Africa News Roundup: Nigeria and CAR Elections, Ranneberger and Gration, Somaliland Fighting, and More

Nigeria: President Goodluck Jonathan wins the support of a major opposition party in advance of April’s elections.

Central African Republic: President Francois Bozize’s re-election is now completely official:

The constitutional court in the Central African Republic on Saturday declared President Francois Bozize the winner of elections last month which the opposition has denounced as fraudulent.

In a public session broadcast on television the court threw out complaints by opposition candidates, pronouncing the election properly conducted and Bozize the victor with 64.37 percent of the vote.

Kenya: Controversial US Ambassador Michael Ranneberger is stepping down, and President Barack Obama has nominated US Special Envoy to Sudan Scott Gration to fill the post. I am planning to write more on this story during the coming week.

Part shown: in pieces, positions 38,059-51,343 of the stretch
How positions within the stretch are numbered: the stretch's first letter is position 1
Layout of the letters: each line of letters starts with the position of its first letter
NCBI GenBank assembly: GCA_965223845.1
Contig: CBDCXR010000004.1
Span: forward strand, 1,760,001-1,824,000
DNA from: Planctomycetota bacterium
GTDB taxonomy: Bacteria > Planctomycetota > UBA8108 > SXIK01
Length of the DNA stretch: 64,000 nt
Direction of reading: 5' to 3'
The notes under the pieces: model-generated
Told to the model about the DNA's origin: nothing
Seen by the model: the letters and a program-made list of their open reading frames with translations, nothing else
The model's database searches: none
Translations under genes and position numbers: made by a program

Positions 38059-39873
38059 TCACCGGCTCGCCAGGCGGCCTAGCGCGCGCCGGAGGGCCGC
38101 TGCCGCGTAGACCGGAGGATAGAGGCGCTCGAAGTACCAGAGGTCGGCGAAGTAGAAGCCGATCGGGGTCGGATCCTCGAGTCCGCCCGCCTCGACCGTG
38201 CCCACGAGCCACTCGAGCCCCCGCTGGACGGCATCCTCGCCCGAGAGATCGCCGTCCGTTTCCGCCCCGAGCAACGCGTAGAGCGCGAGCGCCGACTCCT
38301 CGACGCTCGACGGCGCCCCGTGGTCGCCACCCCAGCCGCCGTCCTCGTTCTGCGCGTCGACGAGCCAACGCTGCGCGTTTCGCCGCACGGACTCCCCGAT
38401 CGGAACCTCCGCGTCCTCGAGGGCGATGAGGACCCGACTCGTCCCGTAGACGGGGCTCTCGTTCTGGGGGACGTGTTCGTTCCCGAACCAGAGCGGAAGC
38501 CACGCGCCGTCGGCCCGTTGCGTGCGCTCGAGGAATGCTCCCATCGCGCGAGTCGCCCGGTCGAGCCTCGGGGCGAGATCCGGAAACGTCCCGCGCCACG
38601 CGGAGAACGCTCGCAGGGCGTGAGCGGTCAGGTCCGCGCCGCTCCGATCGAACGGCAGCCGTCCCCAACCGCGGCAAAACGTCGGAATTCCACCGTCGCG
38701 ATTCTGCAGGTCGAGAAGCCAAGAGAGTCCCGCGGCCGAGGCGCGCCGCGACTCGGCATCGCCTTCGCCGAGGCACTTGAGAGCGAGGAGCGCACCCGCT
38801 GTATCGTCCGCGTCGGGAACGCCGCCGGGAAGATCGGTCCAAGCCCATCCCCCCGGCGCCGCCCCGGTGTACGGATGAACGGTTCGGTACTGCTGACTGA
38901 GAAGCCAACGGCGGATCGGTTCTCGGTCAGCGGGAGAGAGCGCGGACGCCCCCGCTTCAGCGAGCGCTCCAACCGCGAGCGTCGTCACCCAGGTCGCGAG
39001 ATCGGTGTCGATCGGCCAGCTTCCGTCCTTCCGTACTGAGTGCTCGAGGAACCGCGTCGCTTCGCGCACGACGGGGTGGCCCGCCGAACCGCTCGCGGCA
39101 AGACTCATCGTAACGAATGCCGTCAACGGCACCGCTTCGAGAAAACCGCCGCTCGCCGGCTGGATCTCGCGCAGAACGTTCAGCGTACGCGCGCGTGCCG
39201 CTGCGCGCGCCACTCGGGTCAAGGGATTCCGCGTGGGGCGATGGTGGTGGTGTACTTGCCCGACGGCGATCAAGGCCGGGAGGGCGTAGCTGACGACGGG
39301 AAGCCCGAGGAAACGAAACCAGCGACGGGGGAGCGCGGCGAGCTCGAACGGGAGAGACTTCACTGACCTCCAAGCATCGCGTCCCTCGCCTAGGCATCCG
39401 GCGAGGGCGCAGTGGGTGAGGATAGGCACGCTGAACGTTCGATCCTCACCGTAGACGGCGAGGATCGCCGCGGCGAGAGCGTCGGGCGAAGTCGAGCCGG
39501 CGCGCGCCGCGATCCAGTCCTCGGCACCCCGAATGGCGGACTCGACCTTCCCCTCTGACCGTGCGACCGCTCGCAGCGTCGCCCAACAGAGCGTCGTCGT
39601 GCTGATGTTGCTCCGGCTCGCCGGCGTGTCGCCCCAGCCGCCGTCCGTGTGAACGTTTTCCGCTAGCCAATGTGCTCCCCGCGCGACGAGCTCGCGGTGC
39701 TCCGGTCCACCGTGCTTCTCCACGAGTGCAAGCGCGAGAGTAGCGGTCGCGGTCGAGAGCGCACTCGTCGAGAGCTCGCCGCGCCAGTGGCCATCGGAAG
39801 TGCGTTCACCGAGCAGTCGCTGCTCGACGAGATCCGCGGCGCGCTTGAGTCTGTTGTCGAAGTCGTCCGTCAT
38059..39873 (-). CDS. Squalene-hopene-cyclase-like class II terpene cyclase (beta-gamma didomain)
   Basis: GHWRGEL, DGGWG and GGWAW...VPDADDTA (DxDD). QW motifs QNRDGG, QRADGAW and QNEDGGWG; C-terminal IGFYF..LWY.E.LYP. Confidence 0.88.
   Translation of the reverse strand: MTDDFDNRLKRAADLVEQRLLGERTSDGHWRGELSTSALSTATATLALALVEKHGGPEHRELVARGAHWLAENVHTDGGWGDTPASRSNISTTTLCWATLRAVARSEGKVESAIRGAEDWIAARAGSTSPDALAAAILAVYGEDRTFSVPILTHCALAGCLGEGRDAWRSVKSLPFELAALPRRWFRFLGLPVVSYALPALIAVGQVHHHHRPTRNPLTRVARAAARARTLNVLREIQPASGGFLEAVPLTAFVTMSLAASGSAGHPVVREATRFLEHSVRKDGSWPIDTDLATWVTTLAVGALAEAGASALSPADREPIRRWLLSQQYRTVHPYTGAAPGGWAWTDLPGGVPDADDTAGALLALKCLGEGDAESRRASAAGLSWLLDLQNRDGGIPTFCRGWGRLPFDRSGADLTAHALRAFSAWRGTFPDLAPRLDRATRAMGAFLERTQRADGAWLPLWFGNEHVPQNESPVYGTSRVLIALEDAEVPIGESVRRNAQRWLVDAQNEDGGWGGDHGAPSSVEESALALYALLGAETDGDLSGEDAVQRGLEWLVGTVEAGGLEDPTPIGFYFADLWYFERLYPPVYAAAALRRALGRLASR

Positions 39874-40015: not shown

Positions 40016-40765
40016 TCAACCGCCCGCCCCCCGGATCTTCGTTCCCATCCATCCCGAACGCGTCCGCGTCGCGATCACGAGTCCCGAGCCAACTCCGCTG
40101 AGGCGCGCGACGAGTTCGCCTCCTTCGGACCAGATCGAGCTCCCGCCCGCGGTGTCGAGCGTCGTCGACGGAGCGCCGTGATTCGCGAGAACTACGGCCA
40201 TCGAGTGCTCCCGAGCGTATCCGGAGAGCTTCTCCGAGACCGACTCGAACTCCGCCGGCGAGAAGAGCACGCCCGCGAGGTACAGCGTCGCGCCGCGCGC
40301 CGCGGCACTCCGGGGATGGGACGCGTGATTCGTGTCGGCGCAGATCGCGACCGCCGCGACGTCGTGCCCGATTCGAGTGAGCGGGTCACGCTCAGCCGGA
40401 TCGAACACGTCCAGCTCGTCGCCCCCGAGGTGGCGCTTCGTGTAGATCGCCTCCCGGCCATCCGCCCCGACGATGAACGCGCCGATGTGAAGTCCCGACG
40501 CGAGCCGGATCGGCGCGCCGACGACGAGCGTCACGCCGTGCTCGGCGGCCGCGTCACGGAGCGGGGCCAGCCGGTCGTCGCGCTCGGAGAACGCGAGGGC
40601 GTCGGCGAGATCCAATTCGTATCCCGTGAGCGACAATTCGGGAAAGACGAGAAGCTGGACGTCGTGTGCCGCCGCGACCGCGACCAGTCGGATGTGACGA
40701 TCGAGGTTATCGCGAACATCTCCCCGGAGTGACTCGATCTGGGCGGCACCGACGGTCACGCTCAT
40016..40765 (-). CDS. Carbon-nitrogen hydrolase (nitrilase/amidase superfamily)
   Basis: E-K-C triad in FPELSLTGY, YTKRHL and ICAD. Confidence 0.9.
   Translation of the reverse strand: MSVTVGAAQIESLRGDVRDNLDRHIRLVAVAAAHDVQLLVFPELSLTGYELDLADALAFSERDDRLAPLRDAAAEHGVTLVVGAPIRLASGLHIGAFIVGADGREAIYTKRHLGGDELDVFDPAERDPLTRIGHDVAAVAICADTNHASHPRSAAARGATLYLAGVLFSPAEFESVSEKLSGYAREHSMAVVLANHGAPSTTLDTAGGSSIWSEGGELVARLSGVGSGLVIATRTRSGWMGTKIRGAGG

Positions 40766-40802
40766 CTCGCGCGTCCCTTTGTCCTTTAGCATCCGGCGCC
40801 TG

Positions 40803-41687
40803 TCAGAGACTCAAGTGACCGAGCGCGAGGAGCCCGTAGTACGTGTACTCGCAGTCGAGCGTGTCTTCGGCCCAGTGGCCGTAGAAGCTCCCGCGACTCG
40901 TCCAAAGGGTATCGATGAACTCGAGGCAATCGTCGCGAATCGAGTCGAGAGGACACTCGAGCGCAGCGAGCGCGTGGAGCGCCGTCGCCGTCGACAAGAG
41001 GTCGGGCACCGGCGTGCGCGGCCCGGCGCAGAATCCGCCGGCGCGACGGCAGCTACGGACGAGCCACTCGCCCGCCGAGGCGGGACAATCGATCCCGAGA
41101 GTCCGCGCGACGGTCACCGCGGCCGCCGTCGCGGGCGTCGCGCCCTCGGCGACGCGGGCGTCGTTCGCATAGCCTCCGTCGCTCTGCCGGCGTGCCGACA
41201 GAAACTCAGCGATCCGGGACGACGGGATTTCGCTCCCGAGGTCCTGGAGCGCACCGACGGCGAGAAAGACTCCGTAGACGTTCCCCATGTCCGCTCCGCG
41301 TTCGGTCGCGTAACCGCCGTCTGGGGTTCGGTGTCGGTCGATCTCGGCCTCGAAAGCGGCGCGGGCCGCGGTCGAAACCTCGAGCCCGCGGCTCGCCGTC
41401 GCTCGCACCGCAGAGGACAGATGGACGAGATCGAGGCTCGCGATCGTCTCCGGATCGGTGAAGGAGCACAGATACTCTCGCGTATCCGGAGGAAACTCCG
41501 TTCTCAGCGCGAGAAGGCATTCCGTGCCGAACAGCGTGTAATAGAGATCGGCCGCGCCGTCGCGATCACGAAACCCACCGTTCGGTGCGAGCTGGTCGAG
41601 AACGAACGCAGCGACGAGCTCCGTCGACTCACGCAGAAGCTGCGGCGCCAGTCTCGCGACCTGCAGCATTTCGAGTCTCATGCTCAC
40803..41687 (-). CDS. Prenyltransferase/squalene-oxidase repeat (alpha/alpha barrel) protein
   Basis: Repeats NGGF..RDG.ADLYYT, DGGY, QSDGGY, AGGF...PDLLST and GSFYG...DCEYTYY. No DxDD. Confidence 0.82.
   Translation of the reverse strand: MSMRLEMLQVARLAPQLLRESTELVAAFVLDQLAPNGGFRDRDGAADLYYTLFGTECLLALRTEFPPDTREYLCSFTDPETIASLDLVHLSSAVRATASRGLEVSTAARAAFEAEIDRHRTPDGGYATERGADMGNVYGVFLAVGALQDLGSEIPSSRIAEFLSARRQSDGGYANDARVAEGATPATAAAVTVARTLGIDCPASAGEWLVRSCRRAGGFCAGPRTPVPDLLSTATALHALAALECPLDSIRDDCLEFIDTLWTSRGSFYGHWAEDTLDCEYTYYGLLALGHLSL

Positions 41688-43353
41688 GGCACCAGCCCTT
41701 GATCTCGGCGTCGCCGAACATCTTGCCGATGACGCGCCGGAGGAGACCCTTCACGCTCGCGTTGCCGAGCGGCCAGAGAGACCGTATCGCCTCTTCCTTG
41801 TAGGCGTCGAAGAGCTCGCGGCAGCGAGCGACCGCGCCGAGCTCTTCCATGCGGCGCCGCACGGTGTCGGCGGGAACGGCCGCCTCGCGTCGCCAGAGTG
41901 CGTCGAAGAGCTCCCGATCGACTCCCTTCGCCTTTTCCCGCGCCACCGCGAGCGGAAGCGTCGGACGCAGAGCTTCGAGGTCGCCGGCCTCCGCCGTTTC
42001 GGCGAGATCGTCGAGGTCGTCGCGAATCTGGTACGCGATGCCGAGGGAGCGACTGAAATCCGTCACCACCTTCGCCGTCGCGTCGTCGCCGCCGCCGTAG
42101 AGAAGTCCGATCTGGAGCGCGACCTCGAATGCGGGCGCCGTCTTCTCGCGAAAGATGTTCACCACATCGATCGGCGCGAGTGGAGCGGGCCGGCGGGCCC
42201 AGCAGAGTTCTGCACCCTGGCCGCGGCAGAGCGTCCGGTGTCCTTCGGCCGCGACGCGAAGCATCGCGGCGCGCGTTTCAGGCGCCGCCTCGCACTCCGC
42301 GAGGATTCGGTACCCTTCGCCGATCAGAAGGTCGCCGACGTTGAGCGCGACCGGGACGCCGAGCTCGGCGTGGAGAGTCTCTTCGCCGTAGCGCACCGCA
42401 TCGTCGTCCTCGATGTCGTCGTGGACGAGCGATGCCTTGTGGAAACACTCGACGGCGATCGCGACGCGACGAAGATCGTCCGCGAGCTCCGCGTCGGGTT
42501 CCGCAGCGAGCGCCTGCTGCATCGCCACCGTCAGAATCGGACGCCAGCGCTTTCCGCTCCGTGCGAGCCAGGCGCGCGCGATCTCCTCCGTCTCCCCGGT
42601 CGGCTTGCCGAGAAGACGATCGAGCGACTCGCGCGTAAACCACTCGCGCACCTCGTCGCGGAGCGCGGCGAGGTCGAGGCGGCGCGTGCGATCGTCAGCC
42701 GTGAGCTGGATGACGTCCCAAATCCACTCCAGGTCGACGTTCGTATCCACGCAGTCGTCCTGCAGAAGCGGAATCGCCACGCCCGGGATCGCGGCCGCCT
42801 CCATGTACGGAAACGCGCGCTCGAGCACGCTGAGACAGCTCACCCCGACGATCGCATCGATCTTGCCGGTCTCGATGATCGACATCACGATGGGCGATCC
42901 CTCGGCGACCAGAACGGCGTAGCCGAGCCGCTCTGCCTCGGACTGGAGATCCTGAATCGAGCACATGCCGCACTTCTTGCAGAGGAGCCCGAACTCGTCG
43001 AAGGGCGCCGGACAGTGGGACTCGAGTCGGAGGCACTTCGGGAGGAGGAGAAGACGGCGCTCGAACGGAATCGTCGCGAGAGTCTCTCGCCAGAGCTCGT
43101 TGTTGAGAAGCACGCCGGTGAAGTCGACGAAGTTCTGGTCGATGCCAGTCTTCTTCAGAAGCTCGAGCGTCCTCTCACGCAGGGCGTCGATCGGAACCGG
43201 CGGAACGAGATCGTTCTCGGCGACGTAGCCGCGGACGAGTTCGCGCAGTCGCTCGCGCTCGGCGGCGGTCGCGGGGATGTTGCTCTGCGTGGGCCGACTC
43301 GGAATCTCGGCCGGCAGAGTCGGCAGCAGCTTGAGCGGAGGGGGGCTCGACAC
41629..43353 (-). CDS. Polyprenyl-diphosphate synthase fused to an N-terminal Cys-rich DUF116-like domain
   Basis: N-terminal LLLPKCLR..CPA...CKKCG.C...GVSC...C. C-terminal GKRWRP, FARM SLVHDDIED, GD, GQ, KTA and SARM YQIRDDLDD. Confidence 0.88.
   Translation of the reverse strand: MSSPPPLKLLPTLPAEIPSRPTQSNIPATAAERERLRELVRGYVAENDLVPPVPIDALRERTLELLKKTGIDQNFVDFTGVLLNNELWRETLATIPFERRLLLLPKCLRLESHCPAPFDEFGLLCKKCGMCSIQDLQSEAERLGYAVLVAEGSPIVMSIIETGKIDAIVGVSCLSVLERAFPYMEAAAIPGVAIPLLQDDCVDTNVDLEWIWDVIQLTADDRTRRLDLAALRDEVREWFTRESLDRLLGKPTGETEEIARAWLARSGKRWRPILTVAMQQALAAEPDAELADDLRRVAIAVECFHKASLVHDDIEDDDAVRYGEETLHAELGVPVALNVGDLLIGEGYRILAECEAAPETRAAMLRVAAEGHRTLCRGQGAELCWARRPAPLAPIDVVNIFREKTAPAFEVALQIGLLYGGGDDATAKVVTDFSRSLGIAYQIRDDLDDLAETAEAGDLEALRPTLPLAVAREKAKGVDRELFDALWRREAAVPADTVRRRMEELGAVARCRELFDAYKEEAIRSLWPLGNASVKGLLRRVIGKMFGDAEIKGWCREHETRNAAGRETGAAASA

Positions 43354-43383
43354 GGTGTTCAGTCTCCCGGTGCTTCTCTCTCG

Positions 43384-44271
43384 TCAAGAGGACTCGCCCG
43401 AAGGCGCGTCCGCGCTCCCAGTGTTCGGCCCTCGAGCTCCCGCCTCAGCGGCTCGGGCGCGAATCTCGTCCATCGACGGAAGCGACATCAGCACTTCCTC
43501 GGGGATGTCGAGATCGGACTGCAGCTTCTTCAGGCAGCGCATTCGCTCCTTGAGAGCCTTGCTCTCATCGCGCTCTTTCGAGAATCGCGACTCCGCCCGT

South Sudan: Battles between rebels and South Sudan’s army killed over 100 people this week.

Somaliland: In eastern Somaliland, clashes between the army and a clan militia have killed dozens – and caused some army desertions. This is a story to watch, as Somaliland’s image of stability is a major component of its bid for international recognition. Should that stability crumble, hopes of recognition will wane.

Gabon: The Arab protests spread to sub-Saharan Africa.

The protests that are reshaping the Arab world weren’t supposed to spread south to sub-Saharan Africa. But for weeks, while scenes of Egyptians overtaking their capital have mesmerized global TV audiences — and brought the world’s most recognized names in TV news to Cairo — Gabonese protesters have been facing death and imprisonment in a series of anti-repression demonstrations consciously modeled off the Tunisian example.

Will historians talk about “global 2011”? Too soon to say, I guess.

What’s on your screen today?

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